Employers who are zealous
about keeping their trade secrets under wraps face their toughest challenge
when a key employee jumps to the competition. Under what circumstances, they
wonder, can the employee actually be stopped from taking that new job? In this
Analysis, Joel Leeman analyzes the latest case on this interesting issue. He
A federal appeals court
recently suggested that it is hard to impede employee mobility, but not as hard
as it once seemed. An employer need not show that the new position would result
in "inevitable disclosure" of its trade secrets. In Bimbo Bakeries v. Botticella, 2010 U.S. App. LEXIS 15314
(3rd Cir., July 27, 2010), the Third Circuit said it is enough if the facts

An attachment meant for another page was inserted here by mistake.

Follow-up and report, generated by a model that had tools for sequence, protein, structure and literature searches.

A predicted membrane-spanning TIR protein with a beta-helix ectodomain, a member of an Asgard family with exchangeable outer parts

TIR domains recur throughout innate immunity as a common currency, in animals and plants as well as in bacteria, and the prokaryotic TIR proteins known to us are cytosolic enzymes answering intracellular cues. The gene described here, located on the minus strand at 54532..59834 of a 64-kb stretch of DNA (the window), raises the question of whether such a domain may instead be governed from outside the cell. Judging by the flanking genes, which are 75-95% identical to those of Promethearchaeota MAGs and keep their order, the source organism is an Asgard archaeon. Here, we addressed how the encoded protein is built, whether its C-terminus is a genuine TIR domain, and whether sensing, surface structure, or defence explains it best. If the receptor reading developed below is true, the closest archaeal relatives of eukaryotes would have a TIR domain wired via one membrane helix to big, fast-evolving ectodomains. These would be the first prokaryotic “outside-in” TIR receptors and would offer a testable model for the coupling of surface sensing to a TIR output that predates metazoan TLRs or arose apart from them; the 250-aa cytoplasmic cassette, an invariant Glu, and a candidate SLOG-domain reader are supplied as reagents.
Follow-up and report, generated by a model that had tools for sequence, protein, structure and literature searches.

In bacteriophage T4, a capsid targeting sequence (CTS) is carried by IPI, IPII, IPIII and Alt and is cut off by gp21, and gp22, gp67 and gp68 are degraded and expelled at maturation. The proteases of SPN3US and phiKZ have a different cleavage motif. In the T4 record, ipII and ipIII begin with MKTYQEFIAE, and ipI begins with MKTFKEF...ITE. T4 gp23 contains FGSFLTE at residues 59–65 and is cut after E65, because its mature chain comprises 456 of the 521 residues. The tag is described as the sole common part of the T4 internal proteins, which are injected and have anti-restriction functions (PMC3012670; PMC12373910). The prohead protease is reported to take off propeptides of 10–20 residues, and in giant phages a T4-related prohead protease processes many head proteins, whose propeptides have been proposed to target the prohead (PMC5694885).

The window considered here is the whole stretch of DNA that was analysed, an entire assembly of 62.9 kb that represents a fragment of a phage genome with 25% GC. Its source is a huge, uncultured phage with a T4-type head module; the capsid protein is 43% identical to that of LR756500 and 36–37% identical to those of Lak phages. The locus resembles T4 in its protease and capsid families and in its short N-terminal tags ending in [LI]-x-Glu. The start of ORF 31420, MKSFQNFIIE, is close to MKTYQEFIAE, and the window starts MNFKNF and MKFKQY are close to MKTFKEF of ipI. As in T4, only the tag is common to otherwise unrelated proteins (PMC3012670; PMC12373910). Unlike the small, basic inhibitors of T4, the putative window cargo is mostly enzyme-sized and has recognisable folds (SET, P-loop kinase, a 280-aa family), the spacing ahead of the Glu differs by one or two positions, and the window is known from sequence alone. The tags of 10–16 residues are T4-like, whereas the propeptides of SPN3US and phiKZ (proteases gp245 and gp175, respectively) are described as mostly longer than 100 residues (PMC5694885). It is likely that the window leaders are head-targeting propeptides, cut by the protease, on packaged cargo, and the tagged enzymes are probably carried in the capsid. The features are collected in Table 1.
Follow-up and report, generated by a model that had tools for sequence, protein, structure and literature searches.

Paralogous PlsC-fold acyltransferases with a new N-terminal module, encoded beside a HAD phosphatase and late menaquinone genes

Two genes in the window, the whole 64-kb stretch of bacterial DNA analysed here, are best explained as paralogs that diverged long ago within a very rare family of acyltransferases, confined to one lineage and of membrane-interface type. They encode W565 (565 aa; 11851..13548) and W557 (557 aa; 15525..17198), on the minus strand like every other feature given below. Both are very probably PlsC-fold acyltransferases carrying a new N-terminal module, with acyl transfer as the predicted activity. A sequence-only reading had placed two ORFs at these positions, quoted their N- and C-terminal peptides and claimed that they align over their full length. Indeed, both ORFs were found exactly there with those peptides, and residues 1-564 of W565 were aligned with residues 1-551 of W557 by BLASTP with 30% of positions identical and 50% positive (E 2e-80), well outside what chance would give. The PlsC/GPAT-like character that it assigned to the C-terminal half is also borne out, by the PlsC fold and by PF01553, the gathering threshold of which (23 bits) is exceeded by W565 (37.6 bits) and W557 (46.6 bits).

show a "substantial threat" of misappropriation.
. . . .
The importance of this case
is the lighter burden placed on employers who fear that an ex-employee's new
job will jeopardize their confidential business information. The Third Circuit
corrected a misimpression (fostered by its own precedent) that employers in
that situation must prove that it would be "virtually impossible" for
the likes of Botticella to work for a competitor without disclosing trade
secrets, or that disclosure is inevitable.
Instead, an employer can win
an injunction, as Bimbo did here, by presenting facts demonstrating a
"substantial threat" of trade secret misappropriation. This is a much
easier mark to hit.
Access the full version of Bimbo Knows the Muffin Man . . . and
Teaches Him a Lesson in Trade Secrets with your lexis.com ID. Additional fees
may be incurred. (approx. 4 pages)
If you do not have a lexis.com ID, you can purchase the
Emerging Issues Analysis content through our lexisONE Research Packages